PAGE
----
‘Top Stories of 2021: How Pa. election misinformation helped inspire an insurrection, investigations and policies’: WITF reports that “Pennsylvania’s Republican-led legislature put the state’s election system front and center in 2021, a year that was kicked off with an attack on the U.S. Capitol by people supporting former President Donald Trump.

‘Wolf slams draft congressional map, calling process ‘disgraceful’’: City & State PA reports that “Gov. Tom Wolf has offered his first public thoughts about a new draft map of the state’s congressional districts, raising concerns about the preliminary map and calling the process used to draft the plan “disgraceful.””

‘Lamb says, ‘freedoms are under attack’ in first Senate campaign ad’: City & State PA reports that “Pennsylvanians could be seeing a lot more of U.S. Rep. Conor Lamb in the very near future. The Democratic U.S. Senate hopeful is launching the first ad of his U.S. Senate campaign, which looks to cast the incumbent congressman as a Democrat uniquely-suited to win in Pennsylvania.”

City & State PA’s Biggest Winners & Losers This Week: City & State PA highlights the three winners and losers in Pennsylvania politics last week.

‘‘Magic’ Weight-Loss Pills and Covid Cures: Dr. Oz Under the Microscope’: The New York Times reports that “the celebrity physician, a candidate in Pennsylvania’s Republican primary for Senate, has a long history of dispensing dubious medical advice on his daytime show and on Fox News.”

‘Former Pennsylvania Gov. Tom Ridge gives first on-camera interview since suffering stroke’: WGAL talks with former Gov. Tom Ridge in an exclusive interview as “he shared his journey following a health scare over the summer.”

‘Court rules pot smell alone can’t justify warrantless search’: The Associated Press reports that “the smell of marijuana can be a factor police use to justify a search without a warrant but can’t be the sole basis for it, the Pennsylvania Supreme Court ruled Wednesday.” 

‘Racial reckoning turns focus to roadside historical markers’: The Associated Press reports that “Pennsylvania had been installing historical markers for more than a century when the racist violence in Charlottesville, Virginia, in August 2017 brought a fresh round of questions from the public about just whose stories were being told on the state’s roadsides — and the language used to tell them.”

‘Pennsylvanians’ access to state government information grew in 2021, but only marginally’: The Caucus reports that “Pennsylvania citizens won more access to government records and meetings this year in what legal experts describe as modest improvements to transparency.”

‘Pennsylvania Gov. Wolf: Migrant flights only ‘passed through’ Scranton ‘en route to their final destination’’: Fox News reports that “Pennsylvania’s governor says politicians inquiring about migrant “ghost flights” are getting the facts wrong.”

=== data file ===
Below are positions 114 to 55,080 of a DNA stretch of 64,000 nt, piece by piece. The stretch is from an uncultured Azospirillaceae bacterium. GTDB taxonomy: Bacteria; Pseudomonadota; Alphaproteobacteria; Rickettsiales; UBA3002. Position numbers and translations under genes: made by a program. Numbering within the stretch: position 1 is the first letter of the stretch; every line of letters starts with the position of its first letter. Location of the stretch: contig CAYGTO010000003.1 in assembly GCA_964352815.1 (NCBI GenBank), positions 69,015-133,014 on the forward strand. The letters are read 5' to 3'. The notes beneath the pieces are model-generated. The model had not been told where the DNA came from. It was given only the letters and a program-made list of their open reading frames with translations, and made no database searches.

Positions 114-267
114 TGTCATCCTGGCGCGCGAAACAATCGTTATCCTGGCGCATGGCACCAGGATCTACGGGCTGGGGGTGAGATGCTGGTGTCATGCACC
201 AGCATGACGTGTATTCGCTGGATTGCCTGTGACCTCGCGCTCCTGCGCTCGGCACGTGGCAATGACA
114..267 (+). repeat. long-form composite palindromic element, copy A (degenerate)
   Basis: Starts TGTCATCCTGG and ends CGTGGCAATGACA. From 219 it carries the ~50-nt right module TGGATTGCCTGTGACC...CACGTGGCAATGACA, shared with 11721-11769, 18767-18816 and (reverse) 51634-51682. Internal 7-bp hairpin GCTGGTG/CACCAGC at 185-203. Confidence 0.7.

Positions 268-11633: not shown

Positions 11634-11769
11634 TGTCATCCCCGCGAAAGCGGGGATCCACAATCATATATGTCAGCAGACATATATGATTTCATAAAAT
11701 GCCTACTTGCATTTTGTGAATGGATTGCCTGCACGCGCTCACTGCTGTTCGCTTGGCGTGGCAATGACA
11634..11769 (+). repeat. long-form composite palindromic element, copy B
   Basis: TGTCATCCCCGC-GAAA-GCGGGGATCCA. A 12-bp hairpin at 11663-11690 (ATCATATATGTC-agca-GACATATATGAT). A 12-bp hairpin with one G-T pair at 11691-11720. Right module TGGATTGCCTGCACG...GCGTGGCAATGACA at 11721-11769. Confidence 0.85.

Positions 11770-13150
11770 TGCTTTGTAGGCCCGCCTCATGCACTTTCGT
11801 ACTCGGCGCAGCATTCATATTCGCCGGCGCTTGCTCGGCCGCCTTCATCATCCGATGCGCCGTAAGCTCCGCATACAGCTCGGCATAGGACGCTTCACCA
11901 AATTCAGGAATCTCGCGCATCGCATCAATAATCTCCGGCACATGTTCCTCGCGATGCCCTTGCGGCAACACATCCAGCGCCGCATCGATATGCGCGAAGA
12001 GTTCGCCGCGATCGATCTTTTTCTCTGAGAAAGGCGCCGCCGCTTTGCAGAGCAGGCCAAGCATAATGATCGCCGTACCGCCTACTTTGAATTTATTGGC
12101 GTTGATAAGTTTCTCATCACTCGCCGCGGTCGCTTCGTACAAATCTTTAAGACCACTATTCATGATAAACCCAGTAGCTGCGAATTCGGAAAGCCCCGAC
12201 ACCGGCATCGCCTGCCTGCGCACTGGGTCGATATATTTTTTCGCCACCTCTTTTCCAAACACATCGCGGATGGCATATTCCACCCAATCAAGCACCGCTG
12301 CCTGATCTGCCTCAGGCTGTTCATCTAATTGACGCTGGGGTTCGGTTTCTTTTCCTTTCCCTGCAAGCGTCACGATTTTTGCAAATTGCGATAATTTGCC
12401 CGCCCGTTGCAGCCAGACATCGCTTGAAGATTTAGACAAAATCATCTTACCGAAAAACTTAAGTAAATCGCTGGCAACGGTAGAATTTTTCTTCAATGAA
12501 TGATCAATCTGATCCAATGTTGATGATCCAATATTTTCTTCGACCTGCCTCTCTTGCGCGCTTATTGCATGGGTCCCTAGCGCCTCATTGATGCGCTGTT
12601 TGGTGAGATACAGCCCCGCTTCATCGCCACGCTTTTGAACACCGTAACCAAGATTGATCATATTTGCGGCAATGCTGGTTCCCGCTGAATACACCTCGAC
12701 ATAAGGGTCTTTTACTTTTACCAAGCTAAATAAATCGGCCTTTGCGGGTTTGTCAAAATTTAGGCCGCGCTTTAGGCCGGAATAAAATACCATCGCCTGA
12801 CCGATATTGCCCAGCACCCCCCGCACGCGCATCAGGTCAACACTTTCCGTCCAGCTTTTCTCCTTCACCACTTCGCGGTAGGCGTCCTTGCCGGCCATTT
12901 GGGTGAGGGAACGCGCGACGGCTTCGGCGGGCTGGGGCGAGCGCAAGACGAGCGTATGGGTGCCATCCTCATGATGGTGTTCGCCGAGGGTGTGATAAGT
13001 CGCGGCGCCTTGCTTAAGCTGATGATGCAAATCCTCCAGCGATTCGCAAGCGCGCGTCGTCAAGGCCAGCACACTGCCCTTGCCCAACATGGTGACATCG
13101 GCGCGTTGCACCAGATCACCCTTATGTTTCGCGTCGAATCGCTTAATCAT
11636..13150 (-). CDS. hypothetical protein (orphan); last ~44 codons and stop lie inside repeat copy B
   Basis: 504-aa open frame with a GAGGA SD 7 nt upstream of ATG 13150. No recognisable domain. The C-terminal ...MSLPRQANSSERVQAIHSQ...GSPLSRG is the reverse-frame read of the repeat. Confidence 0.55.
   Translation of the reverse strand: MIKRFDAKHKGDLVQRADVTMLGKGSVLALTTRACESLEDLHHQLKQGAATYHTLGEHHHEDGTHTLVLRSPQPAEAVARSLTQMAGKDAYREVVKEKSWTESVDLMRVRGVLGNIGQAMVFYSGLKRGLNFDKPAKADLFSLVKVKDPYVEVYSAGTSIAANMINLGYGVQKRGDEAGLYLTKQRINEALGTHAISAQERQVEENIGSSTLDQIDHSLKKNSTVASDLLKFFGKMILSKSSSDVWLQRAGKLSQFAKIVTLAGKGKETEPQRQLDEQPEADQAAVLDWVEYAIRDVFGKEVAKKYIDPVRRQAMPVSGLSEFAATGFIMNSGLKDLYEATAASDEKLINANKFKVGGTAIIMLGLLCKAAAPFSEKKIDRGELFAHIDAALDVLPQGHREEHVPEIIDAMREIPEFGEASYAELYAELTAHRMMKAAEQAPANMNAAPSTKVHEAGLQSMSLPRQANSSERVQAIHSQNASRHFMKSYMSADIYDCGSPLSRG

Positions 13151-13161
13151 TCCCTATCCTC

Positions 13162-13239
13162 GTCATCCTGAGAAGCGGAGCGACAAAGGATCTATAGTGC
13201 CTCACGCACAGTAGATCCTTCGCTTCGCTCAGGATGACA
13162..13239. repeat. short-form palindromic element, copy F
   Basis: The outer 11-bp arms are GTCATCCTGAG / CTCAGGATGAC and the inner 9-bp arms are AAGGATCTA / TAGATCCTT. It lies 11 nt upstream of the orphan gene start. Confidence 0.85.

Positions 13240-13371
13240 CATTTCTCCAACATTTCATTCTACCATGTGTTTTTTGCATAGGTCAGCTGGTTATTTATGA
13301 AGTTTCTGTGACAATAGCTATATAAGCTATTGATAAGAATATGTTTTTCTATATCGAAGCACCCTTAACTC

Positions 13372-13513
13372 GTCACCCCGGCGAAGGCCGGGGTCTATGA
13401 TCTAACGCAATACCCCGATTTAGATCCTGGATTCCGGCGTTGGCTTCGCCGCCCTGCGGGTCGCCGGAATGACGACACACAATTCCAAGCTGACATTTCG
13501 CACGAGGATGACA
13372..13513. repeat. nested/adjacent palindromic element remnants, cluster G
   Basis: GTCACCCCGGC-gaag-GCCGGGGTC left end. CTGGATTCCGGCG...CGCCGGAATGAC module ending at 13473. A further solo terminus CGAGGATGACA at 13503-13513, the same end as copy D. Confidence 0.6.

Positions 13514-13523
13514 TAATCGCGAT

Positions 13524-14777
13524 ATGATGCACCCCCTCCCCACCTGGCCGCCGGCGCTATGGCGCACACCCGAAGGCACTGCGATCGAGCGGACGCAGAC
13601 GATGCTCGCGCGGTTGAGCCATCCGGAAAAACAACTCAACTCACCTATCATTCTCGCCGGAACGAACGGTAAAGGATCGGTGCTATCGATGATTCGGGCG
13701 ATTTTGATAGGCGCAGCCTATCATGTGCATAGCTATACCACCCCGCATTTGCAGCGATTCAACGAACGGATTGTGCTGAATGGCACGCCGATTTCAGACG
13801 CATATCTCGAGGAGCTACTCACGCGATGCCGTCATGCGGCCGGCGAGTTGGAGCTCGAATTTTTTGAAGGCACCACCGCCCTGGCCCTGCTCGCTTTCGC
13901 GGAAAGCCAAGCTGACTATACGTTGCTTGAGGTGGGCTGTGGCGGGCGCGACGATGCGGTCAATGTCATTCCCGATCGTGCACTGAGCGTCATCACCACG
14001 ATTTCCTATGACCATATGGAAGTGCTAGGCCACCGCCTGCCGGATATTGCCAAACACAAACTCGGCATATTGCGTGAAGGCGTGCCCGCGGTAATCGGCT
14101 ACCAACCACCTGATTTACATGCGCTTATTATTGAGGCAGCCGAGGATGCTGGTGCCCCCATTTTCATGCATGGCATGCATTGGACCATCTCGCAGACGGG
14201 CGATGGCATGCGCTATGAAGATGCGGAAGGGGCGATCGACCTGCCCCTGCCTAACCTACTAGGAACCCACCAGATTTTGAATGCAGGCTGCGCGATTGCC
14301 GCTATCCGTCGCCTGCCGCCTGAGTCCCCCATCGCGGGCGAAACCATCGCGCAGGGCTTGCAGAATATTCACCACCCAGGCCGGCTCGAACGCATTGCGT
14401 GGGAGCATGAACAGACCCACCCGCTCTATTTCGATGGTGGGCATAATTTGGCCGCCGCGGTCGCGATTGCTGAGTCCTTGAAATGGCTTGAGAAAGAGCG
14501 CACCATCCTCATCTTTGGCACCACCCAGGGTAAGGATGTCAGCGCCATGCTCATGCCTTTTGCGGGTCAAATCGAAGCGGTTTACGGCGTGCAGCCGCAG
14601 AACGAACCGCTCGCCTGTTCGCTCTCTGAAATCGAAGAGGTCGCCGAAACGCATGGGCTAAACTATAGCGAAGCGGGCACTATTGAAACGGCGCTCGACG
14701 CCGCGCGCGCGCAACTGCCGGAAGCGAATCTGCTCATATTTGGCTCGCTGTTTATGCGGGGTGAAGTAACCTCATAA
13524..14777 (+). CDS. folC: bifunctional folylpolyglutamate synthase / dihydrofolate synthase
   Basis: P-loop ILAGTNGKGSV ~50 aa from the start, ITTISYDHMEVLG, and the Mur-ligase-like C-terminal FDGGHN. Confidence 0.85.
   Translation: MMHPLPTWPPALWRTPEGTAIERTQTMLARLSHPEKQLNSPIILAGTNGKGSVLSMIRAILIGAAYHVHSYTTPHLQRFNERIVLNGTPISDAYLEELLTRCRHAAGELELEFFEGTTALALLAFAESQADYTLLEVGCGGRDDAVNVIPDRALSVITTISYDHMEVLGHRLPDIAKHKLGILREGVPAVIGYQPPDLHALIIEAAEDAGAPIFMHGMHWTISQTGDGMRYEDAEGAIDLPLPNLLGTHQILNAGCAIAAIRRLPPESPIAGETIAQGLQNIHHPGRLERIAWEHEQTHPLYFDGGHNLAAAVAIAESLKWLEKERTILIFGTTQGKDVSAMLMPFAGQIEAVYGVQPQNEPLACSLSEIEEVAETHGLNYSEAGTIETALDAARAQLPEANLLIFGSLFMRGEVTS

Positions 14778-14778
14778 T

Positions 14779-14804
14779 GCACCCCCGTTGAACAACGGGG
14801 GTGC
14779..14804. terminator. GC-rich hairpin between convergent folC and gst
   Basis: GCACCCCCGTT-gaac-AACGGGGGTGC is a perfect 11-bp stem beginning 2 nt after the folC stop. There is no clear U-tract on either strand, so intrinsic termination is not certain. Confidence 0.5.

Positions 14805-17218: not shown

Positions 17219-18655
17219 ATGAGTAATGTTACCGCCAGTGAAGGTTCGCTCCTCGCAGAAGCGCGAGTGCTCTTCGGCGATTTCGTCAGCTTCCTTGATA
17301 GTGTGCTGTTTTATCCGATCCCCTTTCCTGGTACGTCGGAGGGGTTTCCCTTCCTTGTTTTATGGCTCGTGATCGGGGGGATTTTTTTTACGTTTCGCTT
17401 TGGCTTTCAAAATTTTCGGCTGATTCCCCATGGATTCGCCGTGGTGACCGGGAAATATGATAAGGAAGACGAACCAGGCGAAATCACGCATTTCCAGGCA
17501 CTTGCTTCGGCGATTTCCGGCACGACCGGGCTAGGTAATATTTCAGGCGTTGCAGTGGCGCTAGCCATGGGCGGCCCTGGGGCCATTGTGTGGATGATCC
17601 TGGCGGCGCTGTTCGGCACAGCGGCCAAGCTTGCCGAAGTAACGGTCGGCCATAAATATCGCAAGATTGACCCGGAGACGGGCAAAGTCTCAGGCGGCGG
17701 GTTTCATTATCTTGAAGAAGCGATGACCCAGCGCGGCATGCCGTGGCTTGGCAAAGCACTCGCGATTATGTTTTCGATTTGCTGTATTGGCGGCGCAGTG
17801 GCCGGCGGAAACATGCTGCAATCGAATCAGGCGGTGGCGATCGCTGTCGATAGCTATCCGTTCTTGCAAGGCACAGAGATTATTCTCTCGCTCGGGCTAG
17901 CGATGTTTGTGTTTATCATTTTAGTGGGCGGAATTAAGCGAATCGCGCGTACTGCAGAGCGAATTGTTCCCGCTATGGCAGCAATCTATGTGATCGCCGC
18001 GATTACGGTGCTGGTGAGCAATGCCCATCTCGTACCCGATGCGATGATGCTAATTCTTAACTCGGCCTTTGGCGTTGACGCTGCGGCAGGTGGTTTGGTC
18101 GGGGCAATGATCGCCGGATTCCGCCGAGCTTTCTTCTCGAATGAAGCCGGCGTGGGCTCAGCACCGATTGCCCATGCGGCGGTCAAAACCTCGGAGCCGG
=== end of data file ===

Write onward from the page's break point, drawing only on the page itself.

‘Study: Flood risk rising across Pennsylvania as climate changes’: StateImpactPA reports that “most communities across Pennsylvania will likely face higher flood risks by the end of the century due to climate change, according to research from Penn State.” 

‘Wolf Administration says it wants to improve environmental justice policy’: StateImpactPA reports that “Pennsylvania’s environmental regulator wants to be a better resource for disadvantaged communities with a historically high pollution burden.”

‘Oprah Winfrey offers first comment on Dr. Oz Senate run’: The Hill reports that “Oprah Winfrey is offering her first comments on the GOP Pennsylvania Senate bid from Mehmet Oz, a frequent guest on her former daytime television talk show.”

‘The 10 races that will decide the Senate majority’: The Hill reports that “with President Biden’s narrow victory in the state last year and the coming retirement of Sen. Pat Toomey (R-Pa.), Pennsylvania may well offer Democrats their best chance to pick up a new Senate seat in 2022.”

‘Philly’s new vaccine mandate starts today. Here’s what you need for indoor dining and more’: The Philadelphia Inquirer reports that “starting Monday, a new citywide mandate will require customers at indoor restaurants and bars, sports venues, movie theaters, and other locales to show proof of vaccination. For a short period of time — Jan. 3 to Jan. 17 — the venues can also accept proof of a negative COVID-19 test from a lab within the previous 24 hours.”

‘Councilmember Derek Green hopes to create a public bank for Philadelphia. Here’s how it could work.’: The Philadelphia Inquirer reports that “state law prevents Philadelphia from directly establishing a public bank. But Green is proposing a workaround that involves Council this year creating a new Philadelphia Public Finance Authority.”

‘The FDA updated abortion pill guidelines. What it means for Philly and Pa.’: The Hill reports that “the FDA’s recent update allowing mail-order abortion pills could go a long way toward making abortions more accessible in Pennsylvania. It could also eventually make them less costly.”